Whitney A. Bauman is Associate Professor of Religious Studies at Florida International University in Miami, FL. He is also co-founder and co-director of Counterpoint: Navigating Knowledge, a non-profit based in Berlin, Germany that holds public discussions over social and ecological issues related to globalization and climate change. His areas of research interest fall under the theme of “religion, science, and globalization.” He is the recipient of a Fulbright Fellowship and a Humboldt Fellowship. His publications include: Religion and Ecology: Developing a Planetary Ethic (Columbia University Press 2014), and co-authored with Kevin O’Brien, Environmental Ethics and Uncertainty: Tackling Wicked Problems (Routledge 2019). He is currently working on a manuscript tentatively entitled, Developing a Critical Planetary Romanticism: CPR For the Earth.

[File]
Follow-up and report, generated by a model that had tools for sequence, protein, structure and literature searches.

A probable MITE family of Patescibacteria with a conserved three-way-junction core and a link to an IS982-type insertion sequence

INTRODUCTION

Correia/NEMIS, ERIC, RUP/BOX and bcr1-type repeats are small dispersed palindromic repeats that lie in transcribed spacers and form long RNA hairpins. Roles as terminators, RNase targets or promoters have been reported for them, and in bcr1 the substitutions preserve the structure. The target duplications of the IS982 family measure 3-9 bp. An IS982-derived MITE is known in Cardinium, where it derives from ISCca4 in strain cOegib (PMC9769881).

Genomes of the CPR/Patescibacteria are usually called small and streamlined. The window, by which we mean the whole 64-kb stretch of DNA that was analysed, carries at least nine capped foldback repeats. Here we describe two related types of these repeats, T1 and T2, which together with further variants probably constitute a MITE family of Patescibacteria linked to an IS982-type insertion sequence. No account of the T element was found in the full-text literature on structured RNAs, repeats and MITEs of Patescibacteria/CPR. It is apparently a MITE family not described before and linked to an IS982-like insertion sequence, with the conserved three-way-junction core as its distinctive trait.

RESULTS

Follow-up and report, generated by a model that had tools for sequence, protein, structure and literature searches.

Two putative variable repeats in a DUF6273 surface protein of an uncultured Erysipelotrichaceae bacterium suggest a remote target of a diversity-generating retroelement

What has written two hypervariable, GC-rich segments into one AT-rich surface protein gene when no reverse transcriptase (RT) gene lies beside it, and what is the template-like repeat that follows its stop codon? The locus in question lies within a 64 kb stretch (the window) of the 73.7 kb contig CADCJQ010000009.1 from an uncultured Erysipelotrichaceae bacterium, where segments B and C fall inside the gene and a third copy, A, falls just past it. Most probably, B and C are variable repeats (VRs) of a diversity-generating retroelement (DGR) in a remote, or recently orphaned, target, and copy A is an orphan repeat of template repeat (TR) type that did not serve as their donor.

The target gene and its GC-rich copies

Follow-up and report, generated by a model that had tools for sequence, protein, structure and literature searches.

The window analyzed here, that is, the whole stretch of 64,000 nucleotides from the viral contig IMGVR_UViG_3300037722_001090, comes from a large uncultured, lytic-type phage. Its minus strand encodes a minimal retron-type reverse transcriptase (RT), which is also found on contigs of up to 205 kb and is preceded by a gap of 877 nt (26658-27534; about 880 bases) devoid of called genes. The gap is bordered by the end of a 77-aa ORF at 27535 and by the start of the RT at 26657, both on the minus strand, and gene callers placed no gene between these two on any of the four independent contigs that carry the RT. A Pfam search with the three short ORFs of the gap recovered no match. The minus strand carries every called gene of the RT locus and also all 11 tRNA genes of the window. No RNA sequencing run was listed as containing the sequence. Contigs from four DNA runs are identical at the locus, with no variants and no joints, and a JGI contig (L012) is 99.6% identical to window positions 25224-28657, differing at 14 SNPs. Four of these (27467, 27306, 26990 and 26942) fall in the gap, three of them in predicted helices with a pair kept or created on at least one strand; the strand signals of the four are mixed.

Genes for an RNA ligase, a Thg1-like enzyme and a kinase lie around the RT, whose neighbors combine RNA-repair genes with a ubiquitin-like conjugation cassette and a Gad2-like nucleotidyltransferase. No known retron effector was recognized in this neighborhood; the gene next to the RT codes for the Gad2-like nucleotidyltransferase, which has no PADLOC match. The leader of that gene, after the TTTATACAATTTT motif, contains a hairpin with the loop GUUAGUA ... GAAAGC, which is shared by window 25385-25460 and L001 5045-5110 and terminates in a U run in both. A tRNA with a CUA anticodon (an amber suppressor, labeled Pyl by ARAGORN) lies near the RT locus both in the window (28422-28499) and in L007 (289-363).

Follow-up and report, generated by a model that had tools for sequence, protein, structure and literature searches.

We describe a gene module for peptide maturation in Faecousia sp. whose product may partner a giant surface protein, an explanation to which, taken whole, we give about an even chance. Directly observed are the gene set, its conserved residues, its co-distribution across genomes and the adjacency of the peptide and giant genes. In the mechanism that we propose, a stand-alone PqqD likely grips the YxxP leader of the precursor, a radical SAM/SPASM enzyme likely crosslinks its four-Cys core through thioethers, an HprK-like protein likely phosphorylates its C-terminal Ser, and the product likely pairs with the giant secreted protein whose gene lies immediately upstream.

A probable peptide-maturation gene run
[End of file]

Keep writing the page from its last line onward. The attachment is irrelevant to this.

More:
Counterpoint blogs may be reprinted with the following acknowledgement: “This article was published by Counterpoint Navigating Knowledge on 13 April 2022.”
The views and opinions expressed on this website, in its publications, and in comments made in response to the site and publications are those of the author(s) and do not necessarily reflect the views and opinions of Counterpoint: Navigating Knowledge, its founders, its staff, or any agent or institution affiliated with it, nor those of the institution(s) with which the author is affiliated. Counterpoint exists to promote vigorous debate within and across knowledge systems and therefore publishes a wide variety of views and opinions in the interests of open conversation and dialogue.
Photo credits: NASA, 2022, free download.